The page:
Hopefully it doesn’t go like the way Eircom has been doing here in Ireland. Here, they seem to have their lower end connections (1Mb / 3Mb / 7.6Mb) on one line and their higher end connections (12Mb / 24Mb) on another line. I noticed this at work, where we had a 7.6Mb connection and found that in the afternoon, the actual throughput was at best ~2Mb and typically ~500kbps on speed tests . When I would complain, they would blame our equipment, router, PC, fax machine, too many users downloading at our premises, etc. The same was with one of my colleagues connected to this same exchange. We had our work connection upgraded to 12Mb as we needed a faster uplink and to our surprise, we get a constant ~10Mb in speed tests since the upgrade, yet my colleague who still has the slower DSL connection at home still gets crippled performance in the afternoon and evenings.
[QUOTE=debro;2558557]Eventually, this premium becomes the defacto standard … and then there will be a premium premium … which becomes the defacto standard … and then so-on and so forth, until eventually any internet presence will be prohibitively expensive for everyone [/QUOTE]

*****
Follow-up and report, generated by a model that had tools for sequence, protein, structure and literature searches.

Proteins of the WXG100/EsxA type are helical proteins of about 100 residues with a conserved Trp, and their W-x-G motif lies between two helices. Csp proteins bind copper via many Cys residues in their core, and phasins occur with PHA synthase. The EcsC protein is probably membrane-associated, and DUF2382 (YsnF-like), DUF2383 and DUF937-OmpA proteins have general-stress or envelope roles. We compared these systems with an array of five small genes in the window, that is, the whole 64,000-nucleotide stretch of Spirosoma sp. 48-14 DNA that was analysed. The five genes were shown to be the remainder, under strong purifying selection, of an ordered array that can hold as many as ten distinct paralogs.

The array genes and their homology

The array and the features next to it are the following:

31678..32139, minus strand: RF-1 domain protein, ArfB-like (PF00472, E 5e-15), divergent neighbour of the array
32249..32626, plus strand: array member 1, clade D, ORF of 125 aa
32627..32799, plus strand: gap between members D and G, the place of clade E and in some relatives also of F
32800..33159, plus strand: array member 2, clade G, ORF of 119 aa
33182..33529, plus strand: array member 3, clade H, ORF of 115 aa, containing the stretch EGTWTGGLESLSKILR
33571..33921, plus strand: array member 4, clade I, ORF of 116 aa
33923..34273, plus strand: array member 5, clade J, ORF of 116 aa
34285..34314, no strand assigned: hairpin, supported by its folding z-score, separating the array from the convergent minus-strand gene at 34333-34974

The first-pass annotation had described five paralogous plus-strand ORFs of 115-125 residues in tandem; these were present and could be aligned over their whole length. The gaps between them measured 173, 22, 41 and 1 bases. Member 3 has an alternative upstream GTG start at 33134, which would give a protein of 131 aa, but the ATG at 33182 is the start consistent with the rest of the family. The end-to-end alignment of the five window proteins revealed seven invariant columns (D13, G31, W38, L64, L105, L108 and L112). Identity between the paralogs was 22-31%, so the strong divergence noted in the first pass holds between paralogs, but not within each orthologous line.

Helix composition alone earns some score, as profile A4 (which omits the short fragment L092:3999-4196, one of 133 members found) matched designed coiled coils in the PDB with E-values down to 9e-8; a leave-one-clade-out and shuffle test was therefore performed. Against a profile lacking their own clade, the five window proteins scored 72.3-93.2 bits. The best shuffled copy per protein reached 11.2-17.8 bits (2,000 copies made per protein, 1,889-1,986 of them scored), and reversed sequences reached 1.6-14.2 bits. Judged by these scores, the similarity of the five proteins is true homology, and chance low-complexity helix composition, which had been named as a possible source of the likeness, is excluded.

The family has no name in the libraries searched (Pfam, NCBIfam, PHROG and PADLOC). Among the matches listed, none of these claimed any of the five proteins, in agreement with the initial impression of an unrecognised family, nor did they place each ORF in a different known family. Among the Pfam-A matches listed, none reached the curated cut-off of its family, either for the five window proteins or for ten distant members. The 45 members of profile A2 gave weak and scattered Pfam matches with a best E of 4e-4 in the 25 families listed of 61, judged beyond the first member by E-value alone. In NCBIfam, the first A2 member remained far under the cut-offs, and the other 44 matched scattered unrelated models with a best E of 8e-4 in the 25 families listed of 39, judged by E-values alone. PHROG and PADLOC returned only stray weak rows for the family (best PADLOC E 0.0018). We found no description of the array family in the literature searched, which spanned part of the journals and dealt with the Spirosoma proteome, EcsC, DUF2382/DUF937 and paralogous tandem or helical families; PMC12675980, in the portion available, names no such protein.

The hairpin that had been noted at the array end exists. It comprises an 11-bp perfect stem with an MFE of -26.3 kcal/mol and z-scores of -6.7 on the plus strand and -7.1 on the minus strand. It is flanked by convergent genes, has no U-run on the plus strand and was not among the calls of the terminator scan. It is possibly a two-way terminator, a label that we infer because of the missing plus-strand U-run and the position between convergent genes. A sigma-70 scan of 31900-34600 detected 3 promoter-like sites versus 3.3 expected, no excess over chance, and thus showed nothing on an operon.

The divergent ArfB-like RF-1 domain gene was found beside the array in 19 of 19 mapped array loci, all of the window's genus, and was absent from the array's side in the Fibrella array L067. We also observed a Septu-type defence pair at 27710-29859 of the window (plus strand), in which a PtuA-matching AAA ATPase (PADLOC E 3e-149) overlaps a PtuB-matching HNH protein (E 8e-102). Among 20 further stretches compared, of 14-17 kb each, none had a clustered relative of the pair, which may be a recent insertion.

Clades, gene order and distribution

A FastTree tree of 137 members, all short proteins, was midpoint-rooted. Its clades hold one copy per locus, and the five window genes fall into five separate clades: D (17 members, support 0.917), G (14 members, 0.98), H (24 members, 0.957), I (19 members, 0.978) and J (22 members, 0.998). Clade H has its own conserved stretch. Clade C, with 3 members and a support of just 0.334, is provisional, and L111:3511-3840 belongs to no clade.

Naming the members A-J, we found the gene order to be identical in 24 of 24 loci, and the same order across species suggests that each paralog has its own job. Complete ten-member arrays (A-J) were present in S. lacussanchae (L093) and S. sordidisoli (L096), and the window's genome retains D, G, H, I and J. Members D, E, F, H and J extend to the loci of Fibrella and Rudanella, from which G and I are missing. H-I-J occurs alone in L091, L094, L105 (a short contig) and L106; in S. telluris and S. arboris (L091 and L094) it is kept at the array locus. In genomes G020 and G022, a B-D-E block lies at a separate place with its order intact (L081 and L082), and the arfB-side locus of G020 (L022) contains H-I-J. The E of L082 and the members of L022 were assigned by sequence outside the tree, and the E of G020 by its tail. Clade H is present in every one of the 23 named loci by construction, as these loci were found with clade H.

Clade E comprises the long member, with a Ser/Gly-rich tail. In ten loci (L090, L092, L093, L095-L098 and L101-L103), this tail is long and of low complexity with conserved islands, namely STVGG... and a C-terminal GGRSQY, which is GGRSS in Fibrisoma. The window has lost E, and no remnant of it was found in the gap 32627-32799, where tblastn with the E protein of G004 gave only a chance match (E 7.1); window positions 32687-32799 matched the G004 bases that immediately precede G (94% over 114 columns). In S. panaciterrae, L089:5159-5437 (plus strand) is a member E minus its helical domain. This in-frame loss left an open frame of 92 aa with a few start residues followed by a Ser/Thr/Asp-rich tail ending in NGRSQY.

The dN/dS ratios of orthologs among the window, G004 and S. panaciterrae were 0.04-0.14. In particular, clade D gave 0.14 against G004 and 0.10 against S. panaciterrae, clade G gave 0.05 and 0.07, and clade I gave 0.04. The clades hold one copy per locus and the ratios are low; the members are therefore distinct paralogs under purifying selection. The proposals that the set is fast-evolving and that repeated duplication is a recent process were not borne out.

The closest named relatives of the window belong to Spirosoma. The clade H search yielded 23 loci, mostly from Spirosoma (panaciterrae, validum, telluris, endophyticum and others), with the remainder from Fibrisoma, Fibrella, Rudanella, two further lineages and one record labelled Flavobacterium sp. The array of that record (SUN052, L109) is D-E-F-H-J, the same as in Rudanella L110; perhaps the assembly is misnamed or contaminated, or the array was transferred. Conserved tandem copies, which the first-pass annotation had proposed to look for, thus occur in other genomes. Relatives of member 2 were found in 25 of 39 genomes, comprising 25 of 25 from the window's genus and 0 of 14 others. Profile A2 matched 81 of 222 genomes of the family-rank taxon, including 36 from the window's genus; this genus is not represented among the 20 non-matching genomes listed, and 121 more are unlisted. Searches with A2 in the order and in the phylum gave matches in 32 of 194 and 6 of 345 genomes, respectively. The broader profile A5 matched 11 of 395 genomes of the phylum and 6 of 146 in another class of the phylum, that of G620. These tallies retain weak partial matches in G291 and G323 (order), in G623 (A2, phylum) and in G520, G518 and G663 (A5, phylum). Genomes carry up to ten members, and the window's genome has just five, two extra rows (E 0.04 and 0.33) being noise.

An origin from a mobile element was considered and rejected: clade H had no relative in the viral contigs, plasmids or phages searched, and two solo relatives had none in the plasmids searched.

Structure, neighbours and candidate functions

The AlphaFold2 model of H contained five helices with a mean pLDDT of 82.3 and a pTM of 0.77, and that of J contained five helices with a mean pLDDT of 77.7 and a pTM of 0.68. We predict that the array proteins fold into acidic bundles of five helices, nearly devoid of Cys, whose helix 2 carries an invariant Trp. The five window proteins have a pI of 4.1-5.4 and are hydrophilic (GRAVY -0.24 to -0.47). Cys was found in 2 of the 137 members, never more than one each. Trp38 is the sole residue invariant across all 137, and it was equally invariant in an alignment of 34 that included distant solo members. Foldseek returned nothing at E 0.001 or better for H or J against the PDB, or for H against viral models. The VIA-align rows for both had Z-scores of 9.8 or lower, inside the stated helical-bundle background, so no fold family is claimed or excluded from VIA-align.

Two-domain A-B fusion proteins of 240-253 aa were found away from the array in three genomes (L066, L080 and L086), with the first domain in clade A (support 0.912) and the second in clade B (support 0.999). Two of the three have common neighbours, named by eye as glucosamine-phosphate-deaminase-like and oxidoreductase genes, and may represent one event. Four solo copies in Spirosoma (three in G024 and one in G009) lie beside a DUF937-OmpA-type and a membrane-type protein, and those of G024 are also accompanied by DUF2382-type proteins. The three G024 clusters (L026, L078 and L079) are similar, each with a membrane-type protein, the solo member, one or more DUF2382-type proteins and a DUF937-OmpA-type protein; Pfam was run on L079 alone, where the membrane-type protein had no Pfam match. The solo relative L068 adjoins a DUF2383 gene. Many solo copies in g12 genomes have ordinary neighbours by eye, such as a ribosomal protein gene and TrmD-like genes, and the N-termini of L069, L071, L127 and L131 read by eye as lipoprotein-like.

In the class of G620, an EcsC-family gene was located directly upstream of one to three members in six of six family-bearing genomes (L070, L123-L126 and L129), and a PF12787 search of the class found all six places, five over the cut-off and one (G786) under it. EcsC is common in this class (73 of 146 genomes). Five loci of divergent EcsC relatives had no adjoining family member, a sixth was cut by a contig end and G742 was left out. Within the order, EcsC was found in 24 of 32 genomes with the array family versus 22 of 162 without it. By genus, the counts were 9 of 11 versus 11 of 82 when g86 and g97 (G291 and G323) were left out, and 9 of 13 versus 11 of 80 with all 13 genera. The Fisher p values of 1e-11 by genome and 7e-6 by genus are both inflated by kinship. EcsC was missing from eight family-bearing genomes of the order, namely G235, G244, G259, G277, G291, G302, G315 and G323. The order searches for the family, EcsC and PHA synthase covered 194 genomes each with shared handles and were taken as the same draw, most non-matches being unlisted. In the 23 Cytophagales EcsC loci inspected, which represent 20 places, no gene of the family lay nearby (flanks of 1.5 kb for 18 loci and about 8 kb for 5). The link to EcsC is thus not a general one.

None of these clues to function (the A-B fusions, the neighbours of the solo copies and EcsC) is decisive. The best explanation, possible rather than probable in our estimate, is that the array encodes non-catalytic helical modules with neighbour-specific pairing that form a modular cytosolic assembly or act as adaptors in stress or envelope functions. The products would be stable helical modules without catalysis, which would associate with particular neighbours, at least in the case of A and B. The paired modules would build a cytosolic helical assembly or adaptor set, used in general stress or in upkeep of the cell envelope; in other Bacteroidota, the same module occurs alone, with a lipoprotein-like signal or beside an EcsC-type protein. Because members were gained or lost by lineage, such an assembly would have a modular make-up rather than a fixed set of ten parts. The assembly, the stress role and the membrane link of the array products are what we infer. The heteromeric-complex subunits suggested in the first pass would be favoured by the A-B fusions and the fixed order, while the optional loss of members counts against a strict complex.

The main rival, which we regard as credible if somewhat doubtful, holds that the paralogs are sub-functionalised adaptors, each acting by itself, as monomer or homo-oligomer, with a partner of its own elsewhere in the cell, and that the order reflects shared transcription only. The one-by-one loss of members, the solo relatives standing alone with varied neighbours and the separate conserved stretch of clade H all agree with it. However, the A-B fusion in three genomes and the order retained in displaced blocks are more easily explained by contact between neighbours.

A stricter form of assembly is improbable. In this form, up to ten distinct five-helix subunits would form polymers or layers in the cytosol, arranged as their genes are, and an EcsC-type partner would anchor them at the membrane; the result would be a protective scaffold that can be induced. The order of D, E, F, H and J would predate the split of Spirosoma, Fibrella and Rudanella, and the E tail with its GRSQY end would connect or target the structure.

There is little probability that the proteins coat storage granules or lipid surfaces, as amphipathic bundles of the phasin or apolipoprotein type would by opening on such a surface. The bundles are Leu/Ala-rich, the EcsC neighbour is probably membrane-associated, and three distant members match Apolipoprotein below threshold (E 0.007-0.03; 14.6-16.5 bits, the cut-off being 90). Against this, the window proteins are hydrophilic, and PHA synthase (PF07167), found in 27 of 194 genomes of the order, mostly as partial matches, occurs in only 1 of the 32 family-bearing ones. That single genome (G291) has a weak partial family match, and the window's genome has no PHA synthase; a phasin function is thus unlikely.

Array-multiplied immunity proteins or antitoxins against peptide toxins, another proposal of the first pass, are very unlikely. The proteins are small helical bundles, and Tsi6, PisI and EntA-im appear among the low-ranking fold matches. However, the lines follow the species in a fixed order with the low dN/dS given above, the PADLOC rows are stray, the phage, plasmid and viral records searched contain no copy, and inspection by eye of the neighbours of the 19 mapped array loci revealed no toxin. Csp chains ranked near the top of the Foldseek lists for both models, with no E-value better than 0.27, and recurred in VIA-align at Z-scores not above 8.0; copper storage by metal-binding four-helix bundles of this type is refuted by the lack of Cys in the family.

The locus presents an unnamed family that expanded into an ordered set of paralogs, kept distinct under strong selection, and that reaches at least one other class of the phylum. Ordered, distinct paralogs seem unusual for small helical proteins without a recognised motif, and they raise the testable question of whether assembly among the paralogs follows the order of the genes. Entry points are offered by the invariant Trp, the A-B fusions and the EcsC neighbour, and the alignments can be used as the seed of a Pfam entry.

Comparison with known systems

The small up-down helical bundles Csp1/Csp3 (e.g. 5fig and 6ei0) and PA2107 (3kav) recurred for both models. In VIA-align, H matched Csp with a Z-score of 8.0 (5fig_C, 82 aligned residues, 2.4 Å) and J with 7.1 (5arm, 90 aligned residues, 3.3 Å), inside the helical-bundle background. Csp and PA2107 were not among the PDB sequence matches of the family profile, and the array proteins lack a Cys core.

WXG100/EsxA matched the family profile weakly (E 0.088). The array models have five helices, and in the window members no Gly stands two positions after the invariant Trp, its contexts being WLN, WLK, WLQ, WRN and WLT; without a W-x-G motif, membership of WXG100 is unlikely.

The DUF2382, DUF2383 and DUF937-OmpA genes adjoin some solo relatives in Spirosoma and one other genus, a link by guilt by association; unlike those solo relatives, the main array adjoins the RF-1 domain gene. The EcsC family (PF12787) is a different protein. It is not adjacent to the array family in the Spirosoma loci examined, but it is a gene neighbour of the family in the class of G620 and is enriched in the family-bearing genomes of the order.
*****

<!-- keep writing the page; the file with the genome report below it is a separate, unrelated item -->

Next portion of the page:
I remember this is exactly how it went when I had Satellite Internet access before DSL came to my area. With the standard access, I had something like a 500MB (yes MB) monthly allowance with one provider and if I was online at peak time, it was often quicker to use my 56k modem than the satellite connection. They had various premium levels which they called gears and well outside of what I could afford. E.g. Gear 2 had traffic priority over users on Gear 1, Gear 3 had even higher priority and the same up to Gear 5, which had an insane running cost, but I’m sure would have been fast for anyone with a deep pocket.